An excerpt from the Start Making Sense section Understanding the Election.
JONES: This was a very different election than 2000, where you had Democrats versus Republicans while many of the progressives supported [Ralph] Nader, either in their hearts or actively. In 2004 you had the Kerry campaign doing what it was doing, you had the Democratic Party doing what it was doing, and then you had this magnificent outpouring of decentralized disaggregated efforts — America Coming Together, National Voice, Count Every Vote, the League of Independent Voters, the Hip Hop Political Convention. You had this huge flowering from the grass roots of opposition to the Bush regime that was not a part of the Kerry campaign, not coordinated by the Democratic Party. It was alongside, under, and over all of that.
Its present form and expression is unprecedented. We may have seen elements of it before with the Rainbow Coalition, the civil rights movement, the antiwar movement, et cetera, but this present multiracial, multigenerational, cross-class unity against what the Bush administration is doing and its willingness to engage in electoral politics is a new development. It’s a very special character because it’s not a black-led thing, it’s not a woman-led thing. There’s no particular identity group that you could point to as driving the process. That means that we have the opportunity to do things in the United States that have not been done before.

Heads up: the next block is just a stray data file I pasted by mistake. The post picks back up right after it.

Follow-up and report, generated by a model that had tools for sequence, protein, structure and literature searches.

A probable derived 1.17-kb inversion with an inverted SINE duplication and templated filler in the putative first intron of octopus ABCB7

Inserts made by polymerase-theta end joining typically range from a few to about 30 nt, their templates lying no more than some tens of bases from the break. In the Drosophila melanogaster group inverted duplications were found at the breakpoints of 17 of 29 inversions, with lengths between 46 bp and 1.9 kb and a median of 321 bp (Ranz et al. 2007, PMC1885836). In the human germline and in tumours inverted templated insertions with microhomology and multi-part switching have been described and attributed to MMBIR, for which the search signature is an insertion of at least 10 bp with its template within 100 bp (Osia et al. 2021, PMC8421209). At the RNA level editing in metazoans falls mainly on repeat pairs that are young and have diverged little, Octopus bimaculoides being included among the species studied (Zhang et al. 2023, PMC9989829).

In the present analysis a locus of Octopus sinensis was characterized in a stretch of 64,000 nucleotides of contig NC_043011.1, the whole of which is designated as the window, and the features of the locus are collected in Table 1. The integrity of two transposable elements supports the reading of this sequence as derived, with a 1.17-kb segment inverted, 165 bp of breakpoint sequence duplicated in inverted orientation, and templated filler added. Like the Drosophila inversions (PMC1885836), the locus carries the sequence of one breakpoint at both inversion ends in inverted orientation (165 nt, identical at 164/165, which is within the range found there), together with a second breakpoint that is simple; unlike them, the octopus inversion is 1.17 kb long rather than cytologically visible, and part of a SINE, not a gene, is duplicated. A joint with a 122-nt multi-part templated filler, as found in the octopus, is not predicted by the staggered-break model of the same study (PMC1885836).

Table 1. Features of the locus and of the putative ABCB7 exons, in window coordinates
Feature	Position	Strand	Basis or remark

The vast majority of the people who took part in the effort to oust Bush in November were neophytes and newcomers to this whole process. Many of these people either had not been involved in politics at all or their involvement in public life had been neighborhood based or issue based, but not primarily electoral. We had to learn what a 527 was, what 501c3s could do and what they couldn’t do. We had to start from scratch, and still we came within 150,000 votes in Ohio of ousting Bush and delivering a devastating setback to his entire agenda. It would have been much better had we won. We didn’t win, but still, this was not a Walter Mondale wipeout —
MCNALLY: — or a Goldwater wipeout…
JONES: Right, or a Goldwater wipeout. . . . That lets you know that what we should be talking about now is the fact that we have 48 percent of the country who are opposed enough to George Bush’s agenda to support a less than stellar candidate and to work hard and to put millions of small donations on the table. For the first time in memory the Democrats were competitive financially with Republicans, and by some measures [they] had more money than the GOP –0 not because of big donors or corporations, but because of ordinary people donating mostly online.